You have to go into the app to delete items from the list but that's not too bad as I'm at a device when I'm placing a shopping order anyway. 

We've been happy with the Alexa feature so hadn't really explored Google Home's shopping list. There's been a recent change which means that the shopping list goes to the Google Express app. Google Express is Google's shopping service which is only available in some areas in the US and not at all in the UK. It used to link to Google Keep which would have been much more useful for us. 

Success in Answering Questions

My kids tend to ask Alexa first and if they don't get a good enough answer they'll move on to Google Home.

These are just examples and the responses could change at any time (or be different on repeated asking.)

Question
Alexa
Google Home
What is the Terra Blade form Terraria?
No answer
Good answer
What is your favourite colour?
Range of fun answers
She likes the Google colours
What is Pi?
Gives lots of digits plus a ‘wowser’ and ‘this goes on for ever’
Pi is 3.14. (Not really the level of accuracy they were looking for.)
Which album is Pinball Wizard from?
Sorry I don’t know that. But can play the song and then you can ask ‘what song was that?’ and the answer includes the album and band! And can then play songs from the album.
Tommy by the Who

This is pretty representative of the kind of things my kids ask. Google Home often returns better answers to general knowledge questions that require factual answers. But Alexa is the winner on giving entertaining responses to their less serious questions.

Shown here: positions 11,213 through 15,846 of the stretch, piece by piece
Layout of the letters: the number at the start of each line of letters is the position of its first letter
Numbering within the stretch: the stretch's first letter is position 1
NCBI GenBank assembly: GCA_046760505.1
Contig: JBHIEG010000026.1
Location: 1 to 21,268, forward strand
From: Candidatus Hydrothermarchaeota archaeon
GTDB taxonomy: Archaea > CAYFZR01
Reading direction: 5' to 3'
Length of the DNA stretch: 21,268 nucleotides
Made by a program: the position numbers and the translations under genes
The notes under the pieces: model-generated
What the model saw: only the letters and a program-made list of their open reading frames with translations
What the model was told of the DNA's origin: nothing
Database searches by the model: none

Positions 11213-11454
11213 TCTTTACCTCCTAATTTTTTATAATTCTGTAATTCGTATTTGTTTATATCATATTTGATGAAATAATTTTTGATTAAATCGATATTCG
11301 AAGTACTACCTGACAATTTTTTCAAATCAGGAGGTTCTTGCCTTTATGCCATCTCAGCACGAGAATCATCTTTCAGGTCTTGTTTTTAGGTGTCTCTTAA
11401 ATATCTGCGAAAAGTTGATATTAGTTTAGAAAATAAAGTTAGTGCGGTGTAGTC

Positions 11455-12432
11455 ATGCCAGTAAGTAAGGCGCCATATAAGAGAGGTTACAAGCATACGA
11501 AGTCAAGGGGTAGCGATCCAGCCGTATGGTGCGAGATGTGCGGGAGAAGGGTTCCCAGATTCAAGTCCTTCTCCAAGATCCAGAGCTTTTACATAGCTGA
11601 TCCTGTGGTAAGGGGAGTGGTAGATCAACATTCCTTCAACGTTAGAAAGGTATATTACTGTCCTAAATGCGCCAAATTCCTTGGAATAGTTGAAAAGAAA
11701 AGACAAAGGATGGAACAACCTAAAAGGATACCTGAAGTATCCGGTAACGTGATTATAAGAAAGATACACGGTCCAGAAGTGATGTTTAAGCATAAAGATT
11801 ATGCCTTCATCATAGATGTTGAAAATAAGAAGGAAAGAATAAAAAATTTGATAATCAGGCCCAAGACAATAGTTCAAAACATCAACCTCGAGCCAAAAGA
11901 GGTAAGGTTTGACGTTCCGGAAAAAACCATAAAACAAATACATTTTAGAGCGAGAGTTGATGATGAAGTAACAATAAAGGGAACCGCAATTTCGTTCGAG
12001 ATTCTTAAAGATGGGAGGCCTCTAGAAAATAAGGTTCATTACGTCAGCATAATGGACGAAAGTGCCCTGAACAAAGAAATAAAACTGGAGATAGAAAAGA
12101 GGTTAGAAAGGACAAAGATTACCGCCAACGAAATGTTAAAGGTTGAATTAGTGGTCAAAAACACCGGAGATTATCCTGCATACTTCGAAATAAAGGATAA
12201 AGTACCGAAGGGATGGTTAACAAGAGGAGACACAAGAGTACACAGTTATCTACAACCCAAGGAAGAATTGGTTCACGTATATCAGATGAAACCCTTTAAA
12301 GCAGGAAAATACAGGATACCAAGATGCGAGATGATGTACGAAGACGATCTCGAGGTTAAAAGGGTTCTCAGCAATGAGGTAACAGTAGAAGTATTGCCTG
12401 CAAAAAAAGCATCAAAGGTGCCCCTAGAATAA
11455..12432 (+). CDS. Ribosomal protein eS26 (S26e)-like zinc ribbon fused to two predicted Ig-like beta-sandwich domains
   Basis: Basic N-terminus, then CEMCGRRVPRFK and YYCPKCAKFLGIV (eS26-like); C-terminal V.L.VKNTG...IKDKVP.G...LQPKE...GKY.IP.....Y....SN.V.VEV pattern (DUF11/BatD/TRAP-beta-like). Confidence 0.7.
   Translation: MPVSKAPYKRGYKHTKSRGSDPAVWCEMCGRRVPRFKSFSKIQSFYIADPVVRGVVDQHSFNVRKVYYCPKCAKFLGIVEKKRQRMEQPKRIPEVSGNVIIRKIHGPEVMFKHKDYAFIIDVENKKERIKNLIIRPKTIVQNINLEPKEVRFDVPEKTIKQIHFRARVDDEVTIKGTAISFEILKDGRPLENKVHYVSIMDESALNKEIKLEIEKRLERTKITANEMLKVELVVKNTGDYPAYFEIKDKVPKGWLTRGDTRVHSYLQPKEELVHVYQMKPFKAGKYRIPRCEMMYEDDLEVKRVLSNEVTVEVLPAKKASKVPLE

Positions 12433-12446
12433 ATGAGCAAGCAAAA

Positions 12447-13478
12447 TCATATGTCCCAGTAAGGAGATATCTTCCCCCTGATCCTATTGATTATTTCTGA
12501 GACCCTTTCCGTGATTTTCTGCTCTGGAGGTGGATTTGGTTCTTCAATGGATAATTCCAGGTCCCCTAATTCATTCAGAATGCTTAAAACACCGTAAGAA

My kids tend to ask Alexa (we have an Echo and a Dot) first and then might also ask Google Home depending on the response they got.

Games and Apps

Both devices can roll a dice which is quite a useful feature. Google Home adds a dice roll sound effect which is nice. Both devices can roll multiple dice and give you the total. Lots of kids magazines and annuals have printed board games, now you don't have to go hunting for a physical dice. 

They can both flip coins too. Again, Google Home adds a sound effect. Now you can solve family disputes easily!

Google Home supports Akinator which my kids love (it tries to guess the person or character you are thinking of by asking yes/no questions.) Unfortunately, it's not available for devices with British English so we couldn't try it.

We asked Alexa to play a game and she offered to enable the Memory Flow skill. This tests recollection of a list of words, adding another word on each turn. This is pretty neat.

There are lots more games available as Alexa skills and Alexa offers new one when you ask to play a game. This is a really interesting way to play games. My 10 year old loves Yeti Hunt where you have to move around and listen to clues to hunt a yeti.

Google Home offers a Crystal Ball 'game' which gives a random yes/no answer to a question. Mildly entertaining. There's also a quiz game but this is tricky and also quite US-centric.

Google Home also offers an RPG game called 6 swords which sounds interesting but isn't available with a British English device. It does work on Alexa with linked accounts which means that we can play it, but each player needs their own linked Amazon account.

Gaming using voice assistants looks really promising. There's a lot more content available for Alexa at the moment.

Music

"Alexa, play Pinball Wizard. ... Alexa volume up ... Alexa repeat" - My 8 year old
Being able to play music is important in our house. When we play board games and card games we like to have music on.